• Wiggle your dishwasher forward to remove it from the cabinet.

Remove Dishwasher From Cabinet AdediScott Flint/Family Handyman

Remove Lower PanelScott Flint/Family Handyman

Step 5

Test the Dishwasher Heating Element

  • Set your multi-tester for a continuity reading.
  • Locate the two plastic nuts at the back of your dishwasher that secure the heating element to the dishwasher.
  • Wiggle out the two wires that go up to the element through the plastic nuts.
  • Put your multi-tester on the terminals that the wires connected to and see if you get a continuity reading. Look for between 11 and 20 ohms.
    • Zero ohms means the heating element is broken.
    • Higher than 20 ohms means the heating element is worn out and should be replaced, because it won’t make the water hot enough.

If your heating element and hi-limit fuse pass the continuity test and your dishwasher also passed the water level test, then your water isn’t heating because of a failed controller. A new controller costs around $200. However, it may make more sense to replace the dishwasher because if the controller failed, it’s likely other components are worn out as well.

Test Heating ElementScott Flint/Family Handyman

Heating Element Test Scott Flint/Family Handyman

Step 6

Buy a New Dishwasher Heating Element

  • Google your dishwasher model number along with the term “heating element.” A heating element typically costs around $40.
Step 7

Remove the Old Heating Element

  • Bend the metal tabs securing the old heating element to the inside of the tub 90 degrees.
  • Pull off the wires connected to the bottom of the heating element, located behind your dishwasher.
  • Use pliers to unscrew the plastic nuts securing the heating element to the tub.
  • From inside the dishwasher, lift up the old heating element and wiggle it free.

Remove Heating ElementScott Flint/Family Handyman

Remove Heating ElementScott Flint/Family Handyman

Step 8

Install the New Heating Element

  • Push the ends of your new heating element down into the two holes in your dishwasher tub.
  • Tighten the two plastic nuts from behind your dishwasher — first by hand, then using pliers.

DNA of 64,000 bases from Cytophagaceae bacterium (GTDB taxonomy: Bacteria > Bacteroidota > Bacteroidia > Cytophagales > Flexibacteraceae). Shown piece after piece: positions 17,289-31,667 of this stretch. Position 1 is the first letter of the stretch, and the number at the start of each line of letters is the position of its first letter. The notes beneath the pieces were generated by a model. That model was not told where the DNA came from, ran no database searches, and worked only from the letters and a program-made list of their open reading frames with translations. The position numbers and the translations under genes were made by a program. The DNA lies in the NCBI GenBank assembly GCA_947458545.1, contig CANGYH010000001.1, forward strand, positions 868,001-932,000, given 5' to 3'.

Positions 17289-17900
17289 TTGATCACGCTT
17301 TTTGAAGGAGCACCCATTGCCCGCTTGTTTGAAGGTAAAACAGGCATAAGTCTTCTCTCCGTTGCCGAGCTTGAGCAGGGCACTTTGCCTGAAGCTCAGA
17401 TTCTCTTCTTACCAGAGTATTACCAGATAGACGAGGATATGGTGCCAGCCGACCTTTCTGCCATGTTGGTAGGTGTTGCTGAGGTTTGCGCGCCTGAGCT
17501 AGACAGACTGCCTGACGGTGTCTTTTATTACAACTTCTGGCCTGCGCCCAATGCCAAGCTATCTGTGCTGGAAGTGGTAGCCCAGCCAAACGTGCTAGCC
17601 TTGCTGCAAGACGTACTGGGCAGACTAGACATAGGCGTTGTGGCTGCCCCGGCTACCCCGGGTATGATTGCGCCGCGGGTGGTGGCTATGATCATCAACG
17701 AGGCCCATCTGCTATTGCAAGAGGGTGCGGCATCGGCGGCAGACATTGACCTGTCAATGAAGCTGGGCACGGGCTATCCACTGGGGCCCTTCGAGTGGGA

• Don’t make them too tight! Just until they feel snug.
  • Push the wire connectors back onto the heating element from behind your dishwasher until they are secure.
  • Bend the metal tabs back over the new heating element.

Remove The Heating ElementScott Flint/Family Handyman

Step 9

Test for Leaks

  • Connect the fill line under your sink and tighten with pliers.
  • Connect the drain hose under the sink and tighten the hose clamp that holds it.
  • Turn on the dishwasher water valve under the sink.
  • Plug in your dishwasher and start a cycle.
  • Look under your dishwasher for leaks near the back where the new element was installed.
    • If you see a leak, unplug your power cord, disconnect your dishwasher drain line and the water fill line and pull your dishwasher back out.
    • With pliers, tighten the plastic nuts slightly tighter than before. That should do the trick!

Test For LeaksScott Flint/Family Handyman

Step 10

Finish Reinstalling the Dishwasher

  • Push your dishwasher all the way into the cabinet.
  • Turn the front feet to your left to raise the dishwasher back up, so the top of your dishwasher touches the underside of the kitchen counter.
  • Secure the screws that hold your dishwasher to the cabinet.
  • Reinstall the lower panel below the dishwasher door and tighten the two screws.
  • Your dishwasher should now heat the water and dissolve the soap.

Finish Installing DishwasherScott Flint/Family Handyman